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Days of Terrence Malick (Part 4): The Tree of Life (2011)

Yes, yes, I know my “Days of De Palma” series has been missing for several weeks.  Rest assured, I’ve already seen and written about several more Brian De Palma films, and those reviews will be posted on the site for the next several Fridays in a row.  But for now, as part of my “Catching up on 2011” project, it’s time at last to circle back to my “Days of Terrence Malick” series to write about his 2011 film The Tree of Life.

Click here for “Days of Terrence Malick” Part 1: The Thin Red Line (1998), here for Part 2: Badlands (1973), and here for Part 3: Days of Heaven (1978).

The Tree of Life is about, well, that’s sort of hard to say.  The bulk of the film chronicles the life of an American family living in Texas in the 1950s.  Brad Pitt plays the stern father of three boys, and Jessica Chastain (having quite a break-out year after also starring in The Help) plays his wife, the sensitive, loving mother.  We also get glimpses of one of those boys as an adult, played by Sean Penn.  We also witness the creation of the world and an extensive sequence set in the time of the dinosaurs… as well as the apparent ultimate destruction of the Earth and a possible glimpse into the afterlife.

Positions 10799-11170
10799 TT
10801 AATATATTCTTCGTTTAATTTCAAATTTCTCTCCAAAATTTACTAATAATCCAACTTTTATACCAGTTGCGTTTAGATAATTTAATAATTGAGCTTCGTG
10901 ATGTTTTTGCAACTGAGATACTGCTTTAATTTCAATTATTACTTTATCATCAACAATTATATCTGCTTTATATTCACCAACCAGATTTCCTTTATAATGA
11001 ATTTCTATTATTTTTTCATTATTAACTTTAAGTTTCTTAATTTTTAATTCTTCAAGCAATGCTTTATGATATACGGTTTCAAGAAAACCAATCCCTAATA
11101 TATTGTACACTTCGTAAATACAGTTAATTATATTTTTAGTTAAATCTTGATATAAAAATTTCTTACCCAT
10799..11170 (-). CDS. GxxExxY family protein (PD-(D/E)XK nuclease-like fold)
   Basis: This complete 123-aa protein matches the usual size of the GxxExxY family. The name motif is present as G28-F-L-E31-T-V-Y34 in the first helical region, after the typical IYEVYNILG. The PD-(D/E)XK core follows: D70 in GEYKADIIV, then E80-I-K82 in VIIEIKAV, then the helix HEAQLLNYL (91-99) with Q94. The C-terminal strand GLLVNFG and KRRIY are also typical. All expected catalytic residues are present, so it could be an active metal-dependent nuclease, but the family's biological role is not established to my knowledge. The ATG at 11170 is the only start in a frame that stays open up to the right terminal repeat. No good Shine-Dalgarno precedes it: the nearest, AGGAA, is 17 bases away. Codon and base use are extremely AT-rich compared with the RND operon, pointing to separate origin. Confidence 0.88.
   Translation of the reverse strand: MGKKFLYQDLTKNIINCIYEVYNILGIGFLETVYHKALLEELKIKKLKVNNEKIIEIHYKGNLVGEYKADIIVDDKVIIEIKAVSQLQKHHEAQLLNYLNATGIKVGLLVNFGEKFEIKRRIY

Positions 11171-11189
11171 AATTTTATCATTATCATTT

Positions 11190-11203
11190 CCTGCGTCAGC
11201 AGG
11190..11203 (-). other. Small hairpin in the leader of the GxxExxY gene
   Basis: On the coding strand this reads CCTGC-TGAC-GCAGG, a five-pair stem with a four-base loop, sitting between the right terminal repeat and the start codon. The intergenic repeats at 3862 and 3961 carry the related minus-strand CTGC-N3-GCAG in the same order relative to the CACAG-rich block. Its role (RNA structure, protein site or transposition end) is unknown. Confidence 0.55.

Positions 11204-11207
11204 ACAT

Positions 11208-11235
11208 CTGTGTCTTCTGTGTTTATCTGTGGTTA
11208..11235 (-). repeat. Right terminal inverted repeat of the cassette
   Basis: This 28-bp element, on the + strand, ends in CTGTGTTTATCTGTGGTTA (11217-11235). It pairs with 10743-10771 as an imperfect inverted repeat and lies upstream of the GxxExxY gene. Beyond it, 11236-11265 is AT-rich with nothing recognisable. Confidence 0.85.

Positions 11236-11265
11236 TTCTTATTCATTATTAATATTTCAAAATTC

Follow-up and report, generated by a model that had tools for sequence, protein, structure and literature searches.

I feel like I might sound somewhat dismissive of the film in the way I wrote that plot summary, and that’s not really fair.  The Tree of Life is a staggeringly beautiful film, and a staggeringly original one.  I can’t think of any other film I’ve ever seen in my life that is at all similar to this film (except perhaps some of Mr. Malick’s prior films).  Narrative and character development are apparently inconsequential to Mr. Malick.  The entire film, start-to-finish, is a montage.  Mr. Malick weaves imagery and sound together in the way of an artisan working an enormous loom.  The film has a stream-of-consciousness feel to it, in the fashion of memories that slide together in one’s mind as one thought leads to another recollection leads to another, with no regard for chronological consistency or continuity.  What a bizarre, wonderfully unique way to make a movie!  When The Tree of Life delights it’s in realizing what a unique creation one is watching unfold, and allowing oneself to be swept along by the river of gorgeous imagery of life (and death).

But while The Tree of Life is beautiful and original and transporting, I also found it to be deathly dull and incredibly frustrating.  I really had to force myself to keep watching during the last hour.  I was enjoyably … [continued]